video cameraWith clients spread out over a large territory, they have an annual client review model of one face-to-face meeting and at least one other video conference. Because they have clients with different technical skills, Eagle Wealth went the extra mile and created a short two minute video to show clients how the conferencing software worked. When Covid-19 occurred, the firm was able to move to their homes, and work the way they had already been working, only dealing with the inevitable band width issues on the video conferencing.

Tim Golas of Spurstone is based in Connecticut. They have two advisors and a total of four people. Spurstone’s technology approach was affected ten years ago when they were flooded. The firm decided at that point, that they would have a model where they would go entirely portable (everyone with laptops) and as much software in the cloud as possible. When MS Office 365 arrived they moved to that and they have now been using MS Teams for a year. Tim highlighted the following as key or interesting attributes:

  • MS Teams is inexpensive and an extension of their existing MS Office infrastructure 
  • Their phone system is integrated to it 
  • The collaboration software is easy and effective. When showing a document to a client you can draw on the page to show them where they should be looking. 
  • Finding anything is very easy with the search function 
  • Everything can be recorded or saved, making compliance easier. 
  • The firm’s operations is now transparent. You can see very easily what each team is doing.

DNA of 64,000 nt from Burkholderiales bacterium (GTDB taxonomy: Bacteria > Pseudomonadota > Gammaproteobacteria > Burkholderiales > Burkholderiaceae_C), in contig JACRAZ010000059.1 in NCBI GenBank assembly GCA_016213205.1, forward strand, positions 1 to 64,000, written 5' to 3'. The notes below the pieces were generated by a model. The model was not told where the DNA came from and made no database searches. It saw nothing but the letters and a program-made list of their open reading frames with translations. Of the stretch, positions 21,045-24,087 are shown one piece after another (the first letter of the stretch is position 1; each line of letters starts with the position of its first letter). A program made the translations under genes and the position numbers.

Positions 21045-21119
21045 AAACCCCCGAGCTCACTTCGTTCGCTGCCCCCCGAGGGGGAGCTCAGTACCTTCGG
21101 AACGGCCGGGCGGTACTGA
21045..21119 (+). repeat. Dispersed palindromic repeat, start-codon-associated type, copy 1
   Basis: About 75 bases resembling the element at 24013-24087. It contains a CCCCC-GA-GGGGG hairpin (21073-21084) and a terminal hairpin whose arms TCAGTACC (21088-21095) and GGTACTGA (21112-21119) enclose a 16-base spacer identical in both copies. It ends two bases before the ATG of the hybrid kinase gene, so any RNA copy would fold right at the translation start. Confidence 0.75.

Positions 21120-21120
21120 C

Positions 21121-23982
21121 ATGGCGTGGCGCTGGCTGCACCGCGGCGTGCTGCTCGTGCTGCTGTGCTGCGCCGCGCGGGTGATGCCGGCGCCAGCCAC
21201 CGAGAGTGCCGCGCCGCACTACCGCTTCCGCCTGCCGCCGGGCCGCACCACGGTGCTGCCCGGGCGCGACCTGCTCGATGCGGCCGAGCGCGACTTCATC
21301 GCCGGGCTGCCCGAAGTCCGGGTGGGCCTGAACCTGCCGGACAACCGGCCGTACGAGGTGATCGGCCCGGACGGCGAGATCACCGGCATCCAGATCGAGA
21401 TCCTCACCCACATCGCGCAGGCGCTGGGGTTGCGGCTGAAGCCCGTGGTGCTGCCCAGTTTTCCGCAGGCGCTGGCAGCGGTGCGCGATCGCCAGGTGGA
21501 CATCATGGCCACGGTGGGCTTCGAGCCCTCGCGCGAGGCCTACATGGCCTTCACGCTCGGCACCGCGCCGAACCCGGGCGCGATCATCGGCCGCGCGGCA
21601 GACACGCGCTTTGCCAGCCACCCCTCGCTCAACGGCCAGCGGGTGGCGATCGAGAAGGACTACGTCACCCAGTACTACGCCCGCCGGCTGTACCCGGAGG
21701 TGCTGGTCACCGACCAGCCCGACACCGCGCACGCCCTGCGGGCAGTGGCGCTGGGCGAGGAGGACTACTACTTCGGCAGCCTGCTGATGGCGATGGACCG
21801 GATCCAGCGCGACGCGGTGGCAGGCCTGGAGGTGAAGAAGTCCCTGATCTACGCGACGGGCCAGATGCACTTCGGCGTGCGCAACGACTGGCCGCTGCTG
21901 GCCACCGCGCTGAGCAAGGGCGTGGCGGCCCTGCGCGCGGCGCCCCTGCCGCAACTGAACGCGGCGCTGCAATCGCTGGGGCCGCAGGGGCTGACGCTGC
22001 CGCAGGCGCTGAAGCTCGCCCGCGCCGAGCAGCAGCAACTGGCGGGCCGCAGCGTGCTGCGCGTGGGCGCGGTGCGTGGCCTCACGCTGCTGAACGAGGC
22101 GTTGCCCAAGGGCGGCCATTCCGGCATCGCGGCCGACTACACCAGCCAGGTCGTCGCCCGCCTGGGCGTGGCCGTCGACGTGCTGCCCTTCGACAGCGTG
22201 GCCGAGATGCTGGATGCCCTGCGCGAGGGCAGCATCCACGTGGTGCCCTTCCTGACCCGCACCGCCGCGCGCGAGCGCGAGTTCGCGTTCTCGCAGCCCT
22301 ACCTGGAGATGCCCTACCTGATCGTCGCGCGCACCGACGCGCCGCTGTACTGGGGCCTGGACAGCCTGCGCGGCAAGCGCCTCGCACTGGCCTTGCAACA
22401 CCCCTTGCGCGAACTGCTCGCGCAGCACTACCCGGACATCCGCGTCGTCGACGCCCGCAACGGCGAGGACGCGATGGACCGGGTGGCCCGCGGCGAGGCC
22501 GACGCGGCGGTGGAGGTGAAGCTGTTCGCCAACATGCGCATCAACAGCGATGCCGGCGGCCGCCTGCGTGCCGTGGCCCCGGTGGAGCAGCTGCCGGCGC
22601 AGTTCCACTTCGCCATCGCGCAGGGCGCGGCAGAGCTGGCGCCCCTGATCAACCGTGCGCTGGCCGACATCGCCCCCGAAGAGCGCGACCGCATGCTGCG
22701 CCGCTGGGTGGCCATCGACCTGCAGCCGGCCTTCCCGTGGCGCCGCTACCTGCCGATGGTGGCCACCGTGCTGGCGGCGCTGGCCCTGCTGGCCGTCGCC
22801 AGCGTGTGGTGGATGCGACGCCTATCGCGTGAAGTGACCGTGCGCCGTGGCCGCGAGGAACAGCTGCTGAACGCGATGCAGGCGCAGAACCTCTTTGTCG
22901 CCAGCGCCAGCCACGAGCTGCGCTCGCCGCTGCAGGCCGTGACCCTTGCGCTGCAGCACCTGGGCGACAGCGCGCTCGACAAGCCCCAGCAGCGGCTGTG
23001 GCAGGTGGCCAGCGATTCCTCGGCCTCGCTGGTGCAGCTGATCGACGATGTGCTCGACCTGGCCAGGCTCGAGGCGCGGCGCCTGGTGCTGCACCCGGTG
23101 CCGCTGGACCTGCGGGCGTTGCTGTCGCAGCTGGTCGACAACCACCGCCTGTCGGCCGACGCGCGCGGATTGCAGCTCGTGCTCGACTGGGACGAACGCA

Now that he is at home, the experience is making Tim think. In this new world, you have more options and flexibility. What should the office be used for? Is the office mainly a comfortable and technology-abled way to meet clients? How do you distribute the work? How do you encourage more remote collaboration? Can you have a more flexible working from home strategy?

Working from Home Opportunities

Along with the high anxiety of today, this is also a time of growth and opportunity. These technologies are working well today and have just gained more importance. The genie is out of the bottle and when (not if) we return to normal, they are here for the long term. 

Legal Note

Emily Silva, Eagle Wealth Management, Tim Golas and Spurstone are current clients of Independent Advisors by SEI. None of the other firms discussed is associated with SEI or its subsidiaries and SEI does not endorse the use of any of the products mentioned herein. Always check with your firm's compliance department before implementing any new technology solutions.

Comments


Legal Note

Information provided by Independent Advisor Solutions by SEI, a strategic business unit of SEI Investments Company. The content is for educational purposes only and is not meant to provide investment advice or as a guarantee of any specific outcome. While SEI welcomes comments, SEI is not responsible for, and does not endorse, the opinions, advice, or recommendations posted by third parties. The opinions expressed in comments are the view(s) of the commenter(s), and do not represent the views of SEI or its affiliates. SEI reserves the right to remove any content posted by users of this site in its sole discretion.

Join the Practically Speaking community

We're your go-to source for tips on how to better manage your advisory business.

Subscribe

I understand SEI may send future emails to me, even if I opted-out before, and that I can opt-out again later.
Photo of John Anderson